Take the 2-minute tour ×
Mathematics Stack Exchange is a question and answer site for people studying math at any level and professionals in related fields. It's 100% free, no registration required.

I need to make a constraint for the following condition:

Among students 1, 2, 3, and 4, at least two of them must be on the team, if there are any on the team at all.

I have defined Y1, Y2, Y3, and Y4 to be 1 if student i is on the team and 0 if they are not.

My constraint looks as follows:

Y1 + Y2 + Y3 + Y4 >= 2 + MZ (where M is a very large number and Z is another binary variable) Y1 + Y2 + Y3 + Y4 = 0 + M(1-Z)

Would the constraint I wrote be correct to model this situation? Is there a way to make this constraint a single statement rather than two seperate ones?

Thanks for the help!

EDIT: Some more context: I am trying to make a linear programming model and these models cannot have "or" or "and" in them... essentially we must represent everything through equations that the solving software will try and satisfy simultaneously. Thus, the first set would not work since the computer software would try and satisfy both of them at once (since we cannot use OR). Additionally, we can only have equal signs and inequalities so your second one wouldn't work. Is there any other way to model this?

share|improve this question
    
Well I just realized the constraint I wrote down makes no sense... it doesn't prevent one of them from being accepted if one of them is satisfied... any help would be much appreciated! –  icobes Mar 19 '11 at 21:16

2 Answers 2

up vote 1 down vote accepted

Try these:

$$y_1 + y_2 + y_3 + y_4 \leq Mz,$$ $$2 - y_1 - y_2 - y_3 - y_4 \leq M(1-z),$$

where $z$ and the $y_i$'s are binary, and $M$ is a very large number.

Why does this work? Basically, the $z=0$ case handles the constraint $y_1 + y_2 + y_3 + y_4 = 0$ and the $z=1$ case handles the constraint $y_1 + y_2 + y_3 + y_4 \geq 2$.

More specifically,

  • If $z = 0$ then the first constraint becomes $y_1 + y_2 + y_3 + y_4 \leq 0$, which, since the variables are binary, is equivalent to $y_1 + y_2 + y_3 + y_4 = 0$. The second constraint becomes $2 - y_1 - y_2 - y_3 - y_4 \leq M$, which is always satisfied.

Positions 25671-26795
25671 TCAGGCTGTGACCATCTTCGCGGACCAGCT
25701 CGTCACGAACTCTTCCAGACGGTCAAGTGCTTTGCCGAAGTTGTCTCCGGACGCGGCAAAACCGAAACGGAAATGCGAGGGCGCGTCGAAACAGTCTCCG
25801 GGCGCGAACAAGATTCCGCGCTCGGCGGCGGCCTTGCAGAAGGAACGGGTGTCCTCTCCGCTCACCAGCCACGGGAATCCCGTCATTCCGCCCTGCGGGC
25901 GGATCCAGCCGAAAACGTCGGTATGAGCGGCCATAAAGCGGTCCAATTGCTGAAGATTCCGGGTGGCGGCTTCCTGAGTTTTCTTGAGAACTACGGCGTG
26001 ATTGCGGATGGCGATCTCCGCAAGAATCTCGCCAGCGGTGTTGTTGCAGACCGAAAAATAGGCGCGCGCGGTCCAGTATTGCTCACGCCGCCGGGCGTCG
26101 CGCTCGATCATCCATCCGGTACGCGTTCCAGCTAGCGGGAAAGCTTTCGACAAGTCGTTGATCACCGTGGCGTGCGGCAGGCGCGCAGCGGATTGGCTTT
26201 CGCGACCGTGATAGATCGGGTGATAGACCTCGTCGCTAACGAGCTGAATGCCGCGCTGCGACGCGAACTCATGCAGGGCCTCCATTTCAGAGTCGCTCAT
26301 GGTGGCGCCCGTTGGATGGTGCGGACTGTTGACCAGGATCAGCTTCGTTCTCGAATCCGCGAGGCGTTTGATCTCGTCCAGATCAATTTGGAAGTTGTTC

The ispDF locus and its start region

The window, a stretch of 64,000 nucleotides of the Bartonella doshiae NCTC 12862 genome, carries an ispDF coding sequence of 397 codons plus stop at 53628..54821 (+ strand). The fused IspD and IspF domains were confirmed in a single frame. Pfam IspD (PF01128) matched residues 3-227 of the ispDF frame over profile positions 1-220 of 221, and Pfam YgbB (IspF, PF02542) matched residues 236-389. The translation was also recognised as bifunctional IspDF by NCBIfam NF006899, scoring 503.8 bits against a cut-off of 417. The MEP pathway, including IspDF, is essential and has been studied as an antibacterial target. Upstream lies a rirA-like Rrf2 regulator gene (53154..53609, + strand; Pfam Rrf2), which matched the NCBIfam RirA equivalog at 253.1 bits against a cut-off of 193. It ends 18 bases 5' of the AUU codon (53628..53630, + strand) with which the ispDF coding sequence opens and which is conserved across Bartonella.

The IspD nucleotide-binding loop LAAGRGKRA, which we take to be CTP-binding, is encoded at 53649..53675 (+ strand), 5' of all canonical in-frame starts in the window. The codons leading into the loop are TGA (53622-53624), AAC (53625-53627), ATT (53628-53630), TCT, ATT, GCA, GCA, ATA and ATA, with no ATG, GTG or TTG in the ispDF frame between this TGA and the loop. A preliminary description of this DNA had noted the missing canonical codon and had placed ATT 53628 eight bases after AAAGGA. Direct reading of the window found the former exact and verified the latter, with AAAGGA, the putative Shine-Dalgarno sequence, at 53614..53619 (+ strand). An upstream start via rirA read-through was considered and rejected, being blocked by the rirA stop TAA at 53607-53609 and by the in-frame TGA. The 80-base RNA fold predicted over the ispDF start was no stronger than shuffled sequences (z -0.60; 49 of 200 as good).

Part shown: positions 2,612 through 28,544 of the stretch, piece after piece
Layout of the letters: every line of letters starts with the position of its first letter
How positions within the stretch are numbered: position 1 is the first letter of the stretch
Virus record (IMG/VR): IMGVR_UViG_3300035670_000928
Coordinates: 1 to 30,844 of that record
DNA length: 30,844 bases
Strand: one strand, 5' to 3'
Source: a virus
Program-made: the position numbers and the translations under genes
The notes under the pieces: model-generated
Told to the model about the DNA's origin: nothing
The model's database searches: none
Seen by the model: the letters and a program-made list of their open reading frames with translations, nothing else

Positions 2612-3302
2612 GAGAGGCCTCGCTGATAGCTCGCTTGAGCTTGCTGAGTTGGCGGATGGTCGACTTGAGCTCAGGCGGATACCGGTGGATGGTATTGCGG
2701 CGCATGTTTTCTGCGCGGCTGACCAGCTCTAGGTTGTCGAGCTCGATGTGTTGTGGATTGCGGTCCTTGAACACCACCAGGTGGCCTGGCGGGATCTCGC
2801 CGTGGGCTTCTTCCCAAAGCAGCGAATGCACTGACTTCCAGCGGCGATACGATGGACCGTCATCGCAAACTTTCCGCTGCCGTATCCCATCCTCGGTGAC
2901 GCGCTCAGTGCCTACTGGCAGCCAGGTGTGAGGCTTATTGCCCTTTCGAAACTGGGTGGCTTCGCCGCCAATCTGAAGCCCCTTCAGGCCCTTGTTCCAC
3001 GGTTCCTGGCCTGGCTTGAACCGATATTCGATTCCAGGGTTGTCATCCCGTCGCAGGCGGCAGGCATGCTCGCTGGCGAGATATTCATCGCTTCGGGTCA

• If $z=1$ then the second constraint becomes $y_1 + y_2 + y_3 + y_4 \geq 2$. The first becomes $y_1 + y_2 + y_3 + y_4 \leq M$, which is always satisfied.

So exactly one of $y_1 + y_2 + y_3 + y_4 = 0$ or $y_1 + y_2 + y_3 + y_4 \geq 2$ must be true, which is what you want.

share|improve this answer
    
Thank you! Much appreciated. –  icobes Mar 19 '11 at 21:55
    
@icobes: Just so you know, the approach I describe here is the general one for handling constraints in which exactly one of $f(x) \geq C$ and $f(x) \leq K$ must be true. –  Mike Spivey Mar 20 '11 at 5:06

You might get better responses if you explain further what it is that you are trying to do, and what you consider a 'constraint'. To me, any mathematical statement that limits the possible values of the $Y_i$'s can be called a constraint. So $$Y_1 + Y_2 + Y_3 + Y_4 = 0 \text{ or } Y_1 + Y_2 + Y_3 + Y_4 \geq 2$$ (which you seem to know you want to to express already) seems perfectly valid as a constraint on your system. Alternatively, you could express this more concisely as $$Y_1 + Y_2 + Y_3 + Y_4 \neq 1$$ if you're comfortable with writing down inequalities. (The sum's always going to be a nonnegative integer, so this constrains it to be either 0 or at least 2.)

As it stands, I am not sure why you are introducing Z and M.

share|improve this answer
1  
I am trying to make a linear programming model and these models cannot have "or" or "and" in them... essentially we must represent everything through equations that the solving software will try and satisfy simultaneously. Thus, the first set would not work since the computer software would try and satisfy both of them at once (since we cannot use OR). Additionally, we can only have equal signs and inequalities so your second one wouldn't work. Is there any other way to model this? –  icobes Mar 19 '11 at 21:29

Your Answer

 
discard

By posting your answer, you agree to the privacy policy and terms of service.

Not the answer you're looking for? Browse other questions tagged or ask your own question.